The Inn Crowd
With its perfect equipoise, the new Columbus Inn is again the place to be.
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2216 Pennsylvania Ave. Wilmington, 571-1492
Surf and turf, milk-fed veal, peekytoe crab
The Columbus Inn closed in 2007, and that’s still hard to fathom. Even if you’d never eaten at the Columbus Inn, you knew it was an important place. You knew it had history, and you knew powerful people hung out there.
I associated the Columbus Inn mainly with special occasions. It’s staggering to think of all the anniversary, birthday, engagement and graduation celebrations those dark wooden walls had seen. Somehow, you felt those memories when you walked inside.
When Louis Capano & Associates bought the building and saved it from repurposing limbo (what ever happened to those condos, anyway?) it initiated an extensive physical overhaul and modernizing effort. Floors were refinished, ceilings were ripped out, new furniture was purchased and the kitchen was rebuilt.
Perhaps miraculously, after all that, the Columbus Inn still feels special, still feels important. The new owners shot for a compromise between Old Columbus Inn and New Columbus Inn, and it works. At its best, Columbus Inn strikes a remarkable balance between classic and modern. This is the Columbus Inn of the 21st century: contemporary and sleek with all of its signature brawn intact. The U-shaped bar remains untouched, and even some of the new features—a stone entrance, the (slightly brighter) dark wooden walls, the expensive whiskeys—have a stoic feel. Need more proof? There’s Old School Onion Soup on the lunch menu, and New School Onion Soup on the dinner menu.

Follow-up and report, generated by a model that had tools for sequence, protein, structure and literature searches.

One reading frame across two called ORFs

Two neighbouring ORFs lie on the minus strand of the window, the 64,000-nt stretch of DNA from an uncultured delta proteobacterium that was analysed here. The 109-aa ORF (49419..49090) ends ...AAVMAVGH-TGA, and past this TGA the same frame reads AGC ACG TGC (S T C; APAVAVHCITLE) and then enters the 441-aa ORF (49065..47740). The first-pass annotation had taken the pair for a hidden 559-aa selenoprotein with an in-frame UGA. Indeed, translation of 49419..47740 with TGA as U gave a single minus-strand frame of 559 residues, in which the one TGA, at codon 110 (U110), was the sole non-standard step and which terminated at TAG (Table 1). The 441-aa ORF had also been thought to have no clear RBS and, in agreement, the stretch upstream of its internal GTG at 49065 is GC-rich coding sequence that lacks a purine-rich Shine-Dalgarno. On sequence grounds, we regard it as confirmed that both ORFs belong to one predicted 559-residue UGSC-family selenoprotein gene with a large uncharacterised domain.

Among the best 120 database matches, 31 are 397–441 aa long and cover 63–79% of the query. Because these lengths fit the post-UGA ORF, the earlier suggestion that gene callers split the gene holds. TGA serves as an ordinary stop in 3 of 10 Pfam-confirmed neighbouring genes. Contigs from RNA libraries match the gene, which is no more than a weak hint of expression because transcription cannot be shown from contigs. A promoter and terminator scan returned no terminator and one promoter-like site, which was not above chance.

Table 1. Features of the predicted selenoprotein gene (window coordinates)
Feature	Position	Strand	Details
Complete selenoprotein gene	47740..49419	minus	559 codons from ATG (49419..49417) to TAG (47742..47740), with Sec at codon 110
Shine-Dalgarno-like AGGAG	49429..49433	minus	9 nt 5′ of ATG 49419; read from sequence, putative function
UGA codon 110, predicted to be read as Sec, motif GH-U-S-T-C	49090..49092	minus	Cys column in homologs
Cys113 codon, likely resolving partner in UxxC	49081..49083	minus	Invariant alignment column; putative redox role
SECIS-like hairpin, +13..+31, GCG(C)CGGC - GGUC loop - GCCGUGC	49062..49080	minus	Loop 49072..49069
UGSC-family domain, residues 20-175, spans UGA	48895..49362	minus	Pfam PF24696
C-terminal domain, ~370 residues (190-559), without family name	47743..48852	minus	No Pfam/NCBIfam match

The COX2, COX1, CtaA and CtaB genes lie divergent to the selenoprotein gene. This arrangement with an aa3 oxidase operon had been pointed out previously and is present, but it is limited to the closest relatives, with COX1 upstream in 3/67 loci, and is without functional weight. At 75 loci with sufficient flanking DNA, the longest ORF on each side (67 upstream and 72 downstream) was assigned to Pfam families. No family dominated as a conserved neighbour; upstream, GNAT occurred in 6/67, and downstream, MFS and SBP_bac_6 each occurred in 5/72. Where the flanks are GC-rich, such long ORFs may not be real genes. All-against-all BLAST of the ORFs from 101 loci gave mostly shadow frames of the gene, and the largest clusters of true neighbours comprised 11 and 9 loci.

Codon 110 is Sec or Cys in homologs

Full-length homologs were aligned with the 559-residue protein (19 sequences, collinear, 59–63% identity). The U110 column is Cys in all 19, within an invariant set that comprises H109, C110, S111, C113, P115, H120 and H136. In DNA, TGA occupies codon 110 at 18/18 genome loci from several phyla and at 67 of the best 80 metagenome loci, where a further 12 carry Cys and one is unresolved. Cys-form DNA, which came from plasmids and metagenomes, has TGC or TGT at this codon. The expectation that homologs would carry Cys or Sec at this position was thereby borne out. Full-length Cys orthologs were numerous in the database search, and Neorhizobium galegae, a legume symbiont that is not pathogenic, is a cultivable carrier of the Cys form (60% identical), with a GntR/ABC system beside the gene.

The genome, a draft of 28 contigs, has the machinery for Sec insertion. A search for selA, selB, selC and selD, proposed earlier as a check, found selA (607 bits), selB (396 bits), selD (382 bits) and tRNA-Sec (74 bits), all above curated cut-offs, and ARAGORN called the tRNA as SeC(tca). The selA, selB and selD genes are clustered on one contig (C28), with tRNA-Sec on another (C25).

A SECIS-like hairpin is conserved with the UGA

The new owners hired wisely, too. Theirs is a very talented staff that includes general manager Richard Snyder, designer Ron Fenstermacher and acclaimed Philadelphia chef Chris D’Ambro. At 25, D’Ambro has built quite a reputation in the Philly restaurant scene for his work at Bocca, where he was responsible for such upscale culinary wizardry as citrus-cured foie gras torchon with blueberry mostarda and pink peppercorn-infused tapioca pearls.
D’Ambro doesn’t need to unleash such nouveau elements on Wilmington. He has wisely crafted a menu that’s both modern and accessible, with plenty of muscle. There’s still an element of meat-and-potatoes, which is smart, but now it’s grilled deckle with curried almonds, and surf-and-turf means seared scallops and beef short ribs. (The sacred Caesar salad, of course, does not get messed with.)
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